I don't get why limiting access to one particular tool to get the job (commit suicide) done would help, besides being another limitation in people's constitutional rights. I'd rather see that people have access to means to deal with the issue leading to suicide, such as the PTSD treatments for troops returning from combat zones. Supporting the troops doesn't stop when they set foot on American soil.
     
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  15. MikeSettles

    MikeSettles Vancouver, Washington Active Member

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    Restricting guns so service members would be unable to commit suicide is another red herring by the MSM. On-base possession of private arms is already restricted. Commanders have (several years ago) got their hands slapped for attempting to control off-base possession as well. (Fort Hood, anyone??)

    The DoD (and especially the Army) has had a very strong anti-suicide campaign going for about four years now. It has had a small effect, but not eradicated the problem. (When I was in pre-deployment training at Ft Dix in '09, we were hit with anti-suicide training so many times that we joked about doing ourselves in to avoid any more of the same!) My last deployment (Afghanistan 2010-11) was so frustrating that my wife tells me I had changed in a negative way, whereas my previous three (two to Afg and one to Iraq since 2006) had not been so bad - including in 2008 when my 80-man PRT suffered 12 casualties (including two dead) as the result of one rocket attack. I attribute the stress of my last deployment to bad commanders at several levels above me.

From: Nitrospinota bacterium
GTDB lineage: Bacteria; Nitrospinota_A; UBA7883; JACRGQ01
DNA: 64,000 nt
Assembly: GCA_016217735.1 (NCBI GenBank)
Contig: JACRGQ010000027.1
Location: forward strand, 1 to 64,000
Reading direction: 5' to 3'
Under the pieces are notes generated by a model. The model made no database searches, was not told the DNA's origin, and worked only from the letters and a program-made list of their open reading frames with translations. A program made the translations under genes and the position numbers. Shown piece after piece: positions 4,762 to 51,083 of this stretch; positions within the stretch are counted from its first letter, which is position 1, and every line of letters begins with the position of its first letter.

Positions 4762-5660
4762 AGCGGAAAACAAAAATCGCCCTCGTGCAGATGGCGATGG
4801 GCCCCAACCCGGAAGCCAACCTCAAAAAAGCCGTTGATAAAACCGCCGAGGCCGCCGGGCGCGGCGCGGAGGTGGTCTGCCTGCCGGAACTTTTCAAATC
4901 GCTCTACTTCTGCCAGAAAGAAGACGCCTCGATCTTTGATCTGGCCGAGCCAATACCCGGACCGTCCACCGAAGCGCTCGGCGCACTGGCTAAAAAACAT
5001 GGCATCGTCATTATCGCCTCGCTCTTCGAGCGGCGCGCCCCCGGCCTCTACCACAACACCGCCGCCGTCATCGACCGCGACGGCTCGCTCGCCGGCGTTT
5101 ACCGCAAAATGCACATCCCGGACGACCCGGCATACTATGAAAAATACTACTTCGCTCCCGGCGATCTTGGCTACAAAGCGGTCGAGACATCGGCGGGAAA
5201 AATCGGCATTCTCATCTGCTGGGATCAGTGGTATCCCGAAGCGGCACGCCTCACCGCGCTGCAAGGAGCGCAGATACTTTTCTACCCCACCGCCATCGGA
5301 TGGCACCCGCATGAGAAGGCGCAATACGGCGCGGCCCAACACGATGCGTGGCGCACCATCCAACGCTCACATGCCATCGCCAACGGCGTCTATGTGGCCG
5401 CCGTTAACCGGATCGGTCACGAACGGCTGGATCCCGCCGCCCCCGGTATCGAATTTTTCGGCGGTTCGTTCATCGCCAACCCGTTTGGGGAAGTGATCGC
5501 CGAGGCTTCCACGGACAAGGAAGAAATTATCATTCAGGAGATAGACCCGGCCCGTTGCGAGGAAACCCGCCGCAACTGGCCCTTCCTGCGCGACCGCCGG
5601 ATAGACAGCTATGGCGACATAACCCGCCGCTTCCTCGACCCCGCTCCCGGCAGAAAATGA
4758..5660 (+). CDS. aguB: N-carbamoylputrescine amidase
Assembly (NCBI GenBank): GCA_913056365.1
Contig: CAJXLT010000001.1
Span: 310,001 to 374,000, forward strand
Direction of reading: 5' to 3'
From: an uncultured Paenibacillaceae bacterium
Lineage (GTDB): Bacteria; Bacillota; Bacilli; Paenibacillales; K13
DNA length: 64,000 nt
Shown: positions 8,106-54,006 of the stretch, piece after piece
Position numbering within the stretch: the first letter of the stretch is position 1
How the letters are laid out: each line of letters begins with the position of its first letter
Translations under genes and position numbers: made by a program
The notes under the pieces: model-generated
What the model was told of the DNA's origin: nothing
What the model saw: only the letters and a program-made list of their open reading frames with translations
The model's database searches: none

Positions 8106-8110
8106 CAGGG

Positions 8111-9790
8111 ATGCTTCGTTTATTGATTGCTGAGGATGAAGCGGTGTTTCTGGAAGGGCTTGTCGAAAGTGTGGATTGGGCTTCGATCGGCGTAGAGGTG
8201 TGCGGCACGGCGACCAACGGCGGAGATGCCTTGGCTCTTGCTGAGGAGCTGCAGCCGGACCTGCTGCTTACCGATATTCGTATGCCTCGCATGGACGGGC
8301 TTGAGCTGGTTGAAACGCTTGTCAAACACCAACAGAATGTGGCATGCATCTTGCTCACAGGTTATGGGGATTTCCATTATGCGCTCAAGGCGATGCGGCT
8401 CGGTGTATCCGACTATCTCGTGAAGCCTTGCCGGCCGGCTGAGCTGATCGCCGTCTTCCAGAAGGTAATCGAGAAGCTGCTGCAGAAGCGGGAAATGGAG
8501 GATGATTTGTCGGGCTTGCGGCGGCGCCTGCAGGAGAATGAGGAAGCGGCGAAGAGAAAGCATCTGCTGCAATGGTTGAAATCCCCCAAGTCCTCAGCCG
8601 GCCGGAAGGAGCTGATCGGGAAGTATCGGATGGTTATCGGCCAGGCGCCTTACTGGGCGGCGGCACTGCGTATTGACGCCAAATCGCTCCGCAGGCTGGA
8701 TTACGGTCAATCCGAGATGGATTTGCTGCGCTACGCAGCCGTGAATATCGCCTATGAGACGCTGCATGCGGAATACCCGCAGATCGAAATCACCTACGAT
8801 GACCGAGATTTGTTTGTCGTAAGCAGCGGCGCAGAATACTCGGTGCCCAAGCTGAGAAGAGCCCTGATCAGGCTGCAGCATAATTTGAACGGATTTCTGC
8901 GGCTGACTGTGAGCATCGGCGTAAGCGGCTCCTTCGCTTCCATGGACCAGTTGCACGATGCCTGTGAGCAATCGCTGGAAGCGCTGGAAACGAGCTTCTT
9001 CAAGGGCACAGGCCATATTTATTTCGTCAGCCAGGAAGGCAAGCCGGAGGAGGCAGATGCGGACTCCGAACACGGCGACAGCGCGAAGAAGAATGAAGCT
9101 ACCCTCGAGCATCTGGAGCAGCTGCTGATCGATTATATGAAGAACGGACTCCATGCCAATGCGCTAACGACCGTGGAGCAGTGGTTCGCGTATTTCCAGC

Now the Army has a new program: "Resiliency" training, supposedly begun in Basic Training and continued periodically throughout a career, which prepares soldiers for the emotional stresses of service life and combat. I retired in January, and don't know whether the program has had any success. I hope that it does.

    But I will always maintain that the best form of suicide prevention is first class, competent, caring leadership. No DoD-mandated "program" will ever accomplish its goals without such leadership; and with such leadership throughout, such a program is largely unnecessary.

    Mike Settles, Sergeant Major, Retired: 42 years service USMC, Regular Army, National Guard, Army Reserve.
     
  16. One-Eyed Ross

    One-Eyed Ross Winlock, WA Well-Known Member

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    I agree with the SGM. There are always guys who will do something stupid. (Mike Varley jumped off the Narrows Bridge one day. He was upset that the Army considered his hospital time "bad time" and wouldn't let him re-up).

    As a leader, an NCO, we knew when the guys in our section (I was a lab type) needed to be talked to about life, or to see a professional. Sometimes, just being there to listen is all that is needed, sometimes the guys with initials after their names get involved, but KNOWING your guys is what it is all about.